• Define explicitly what you consider cheating and what kinds of collaboration are acceptable. As the statistics in Reference 1 suggest, your students’ ideas about it are almost certain to be different from yours. If you don’t make your definitions clear, they will invariably default to theirs. In addition, consider giving the students a voice in formulating cheating policies. Students are more likely to follow rules they help establish than rules they have no say about.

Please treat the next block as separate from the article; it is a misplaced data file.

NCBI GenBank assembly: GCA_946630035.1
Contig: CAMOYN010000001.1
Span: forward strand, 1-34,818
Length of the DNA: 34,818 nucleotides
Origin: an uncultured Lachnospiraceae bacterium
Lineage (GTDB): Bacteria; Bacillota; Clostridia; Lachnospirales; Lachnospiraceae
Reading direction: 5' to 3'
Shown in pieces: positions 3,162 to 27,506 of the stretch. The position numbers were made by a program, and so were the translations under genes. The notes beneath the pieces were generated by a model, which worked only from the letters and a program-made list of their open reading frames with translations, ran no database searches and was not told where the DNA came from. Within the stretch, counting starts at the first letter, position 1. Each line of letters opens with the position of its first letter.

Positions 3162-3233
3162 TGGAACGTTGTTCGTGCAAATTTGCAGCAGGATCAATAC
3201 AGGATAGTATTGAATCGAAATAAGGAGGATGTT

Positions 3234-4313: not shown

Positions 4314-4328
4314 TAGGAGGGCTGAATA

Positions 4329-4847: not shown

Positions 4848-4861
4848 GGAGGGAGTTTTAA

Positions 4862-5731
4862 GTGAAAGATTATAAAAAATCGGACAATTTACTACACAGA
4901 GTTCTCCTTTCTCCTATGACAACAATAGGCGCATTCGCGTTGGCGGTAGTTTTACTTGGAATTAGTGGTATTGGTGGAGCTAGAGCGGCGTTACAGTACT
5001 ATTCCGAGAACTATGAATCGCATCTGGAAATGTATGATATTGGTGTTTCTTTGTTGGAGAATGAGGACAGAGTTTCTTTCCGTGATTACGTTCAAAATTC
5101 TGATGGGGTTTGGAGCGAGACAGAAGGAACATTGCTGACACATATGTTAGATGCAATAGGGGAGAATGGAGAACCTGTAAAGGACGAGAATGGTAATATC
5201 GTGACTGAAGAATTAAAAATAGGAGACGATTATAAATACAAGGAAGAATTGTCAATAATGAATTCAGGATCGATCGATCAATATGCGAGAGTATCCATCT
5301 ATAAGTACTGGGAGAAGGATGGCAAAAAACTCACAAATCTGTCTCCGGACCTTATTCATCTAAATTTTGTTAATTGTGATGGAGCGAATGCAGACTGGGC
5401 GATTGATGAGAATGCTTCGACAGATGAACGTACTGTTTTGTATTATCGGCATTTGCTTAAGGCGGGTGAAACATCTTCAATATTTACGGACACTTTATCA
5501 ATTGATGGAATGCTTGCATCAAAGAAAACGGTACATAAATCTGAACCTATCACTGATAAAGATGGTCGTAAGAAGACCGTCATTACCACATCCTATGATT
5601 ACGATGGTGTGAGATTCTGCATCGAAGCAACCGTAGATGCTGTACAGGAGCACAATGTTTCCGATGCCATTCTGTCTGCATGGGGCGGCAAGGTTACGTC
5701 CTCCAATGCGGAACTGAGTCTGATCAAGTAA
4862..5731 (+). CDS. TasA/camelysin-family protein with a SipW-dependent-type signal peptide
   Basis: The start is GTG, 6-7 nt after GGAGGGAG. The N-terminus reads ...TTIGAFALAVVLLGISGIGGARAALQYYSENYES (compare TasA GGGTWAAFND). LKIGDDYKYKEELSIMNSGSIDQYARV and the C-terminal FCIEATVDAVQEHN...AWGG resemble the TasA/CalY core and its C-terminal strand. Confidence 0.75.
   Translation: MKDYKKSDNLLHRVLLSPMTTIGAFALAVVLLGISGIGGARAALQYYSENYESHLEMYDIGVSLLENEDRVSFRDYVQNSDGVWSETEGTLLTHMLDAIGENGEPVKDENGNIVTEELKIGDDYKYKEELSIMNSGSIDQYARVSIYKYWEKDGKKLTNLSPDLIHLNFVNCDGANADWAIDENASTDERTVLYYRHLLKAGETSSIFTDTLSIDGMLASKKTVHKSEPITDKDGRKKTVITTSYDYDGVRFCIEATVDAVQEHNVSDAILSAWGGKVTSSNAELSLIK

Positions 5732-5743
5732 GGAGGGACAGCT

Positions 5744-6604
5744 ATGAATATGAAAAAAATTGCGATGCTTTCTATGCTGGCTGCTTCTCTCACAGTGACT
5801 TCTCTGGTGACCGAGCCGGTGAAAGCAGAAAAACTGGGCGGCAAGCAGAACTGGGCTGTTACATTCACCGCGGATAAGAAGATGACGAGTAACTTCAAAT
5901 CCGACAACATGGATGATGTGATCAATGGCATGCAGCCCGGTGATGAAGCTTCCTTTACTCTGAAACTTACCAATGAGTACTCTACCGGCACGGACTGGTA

• Follow your institution’s procedures for dealing with suspected cheating. When you yield to the strong temptation to handle it entirely by yourself, students you catch may not cheat again in your course, but since no one will be keeping track of their violations they will be almost certain to cheat in other courses. Plus, if there is an institutional honor code, support and enforce it. Strictly enforced honor codes reduce cheating.
• Be fair to your students and they will be more likely to be honest with you. When instructors give assignments and exams that are much too long or make any of the other “top four worst teaching mistakes,” students feel they are being cheated and many have no reservations about returning the favor.
In “How to stop cheating (or at least slow it down)”, Richard M. Felder